In 2007, I had come across a rare video of a young Native man who was on the steps of the Utah State Capitol about 1998, and he was talking before news cameras about his inherent right to practice his Native religion. He said before cameras that the day before he was at the burial site of Chief Black Hawk making an offering and giving tribute to a great Chief when he was approached by two police officers who told him he needed to leave. The young man argued he had a legal right to be there and pray, but the officers told him “if you do not leave now you will be making your prayers at the point of the mountain.” All locals know that 'the point of the mountain' is in reference to the Utah State Prison. Apparently, the State of Utah hadn't got the memo on the American Indian Religious Freedom Act having been passed in 1978. Wanting to use the clip in my documentary film, I was able to make contact with the young man who I learned was Choctaw and lived in Oklahoma. I asked him for permission to use the clip to which he replied, “It's not necessary to get my permission, but thank you for your kind consideration.” We became friends after that for a while until he passed in 2010.
Called the “Indian Placement Program,” the “Indian Student Placement Program,” and also the “Lamanite Placement Program,” the Church of Jesus Christ of Latter-Day Saints (Mormon's) founded and operated the program from 1954 to about 1996. The prerequisite to qualifying for this program, Native American children, mostly Navajo, had to be baptized members of the LDS church and in ”good-standing” and with their parents’ consent.
Though the program was described as being an educational opportunity for Native children as opposed to foster care, then Church leader Heber C. Kimball, speaking at the October LDS General Conference, extolled the success of the program, and noted that for the Native children in the program, their dark skin was getting notably lighter and “delight-some.”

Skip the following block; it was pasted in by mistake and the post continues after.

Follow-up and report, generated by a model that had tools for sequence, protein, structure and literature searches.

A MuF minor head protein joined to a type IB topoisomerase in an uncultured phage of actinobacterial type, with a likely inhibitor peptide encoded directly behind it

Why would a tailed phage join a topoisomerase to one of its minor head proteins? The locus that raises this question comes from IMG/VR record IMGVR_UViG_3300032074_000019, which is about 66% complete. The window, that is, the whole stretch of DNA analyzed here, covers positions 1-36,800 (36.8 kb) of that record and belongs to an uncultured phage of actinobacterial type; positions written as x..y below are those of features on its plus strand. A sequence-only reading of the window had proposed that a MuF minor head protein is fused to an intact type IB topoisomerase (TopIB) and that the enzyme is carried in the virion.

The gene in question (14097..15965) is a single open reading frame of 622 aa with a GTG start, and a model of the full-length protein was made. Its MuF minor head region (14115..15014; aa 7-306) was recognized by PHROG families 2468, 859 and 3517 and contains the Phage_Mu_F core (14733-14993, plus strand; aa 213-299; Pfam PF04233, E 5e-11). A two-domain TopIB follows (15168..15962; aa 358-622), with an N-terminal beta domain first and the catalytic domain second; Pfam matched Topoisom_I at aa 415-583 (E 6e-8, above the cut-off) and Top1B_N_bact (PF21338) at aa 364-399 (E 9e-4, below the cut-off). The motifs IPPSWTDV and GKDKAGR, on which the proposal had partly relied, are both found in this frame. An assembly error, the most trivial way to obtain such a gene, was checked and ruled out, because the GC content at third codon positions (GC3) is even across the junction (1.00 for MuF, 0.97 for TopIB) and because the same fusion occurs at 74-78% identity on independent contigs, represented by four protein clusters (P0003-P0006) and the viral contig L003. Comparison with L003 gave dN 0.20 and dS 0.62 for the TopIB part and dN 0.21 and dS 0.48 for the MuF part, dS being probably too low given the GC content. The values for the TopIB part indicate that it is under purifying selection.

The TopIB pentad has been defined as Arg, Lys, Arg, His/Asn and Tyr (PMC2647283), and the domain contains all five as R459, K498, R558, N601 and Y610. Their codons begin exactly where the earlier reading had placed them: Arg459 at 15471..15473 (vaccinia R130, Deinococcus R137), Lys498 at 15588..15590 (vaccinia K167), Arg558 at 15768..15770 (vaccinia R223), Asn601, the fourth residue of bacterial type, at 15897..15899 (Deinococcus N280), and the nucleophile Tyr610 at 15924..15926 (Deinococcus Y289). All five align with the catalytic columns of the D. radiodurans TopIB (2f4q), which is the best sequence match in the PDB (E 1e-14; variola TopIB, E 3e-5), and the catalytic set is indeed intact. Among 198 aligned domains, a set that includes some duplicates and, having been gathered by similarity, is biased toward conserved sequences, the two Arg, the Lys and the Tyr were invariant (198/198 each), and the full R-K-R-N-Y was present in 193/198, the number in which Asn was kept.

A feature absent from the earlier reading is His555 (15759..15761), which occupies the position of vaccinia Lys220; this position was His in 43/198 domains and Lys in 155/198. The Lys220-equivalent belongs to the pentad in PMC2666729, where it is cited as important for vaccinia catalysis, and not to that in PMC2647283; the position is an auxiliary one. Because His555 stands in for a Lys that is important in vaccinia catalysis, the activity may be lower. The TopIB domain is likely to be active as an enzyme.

Now, the Mormon Church believes that they have a divine obligation to convert Utah's American Indians to Mormonism, according to church doctrine, and in so doing, the so-called "loathsome" Indians would become a "white and delightsome people" and would be forgiven of the sins of their forefathers. (Book of Mormon 2 Nephi 5:21-23) According to church doctrine, the nature of the dark skin was a curse, the cause was the Lord, the reason was because the Lamanites (Indians) "had hardened their hearts against him, (God)" and the punishment was to make them "loathsome" unto God's people who had white skins.
Numerous complaints were filed with the Bureau of Indian Affairs claiming the Church was using the program as a tactic to assimilate Native children into western culture and as a tool to increase membership. Many lawsuits were filed by Native people involved in the program, claiming sexual abuse along with physical and mental abuse. At the same time, of the some 20,000 who went through the program, there are differing opinions regarding the good of the program. Never the less, the LDS church discontinued the program in 1996.
(See also Manifest Destiny)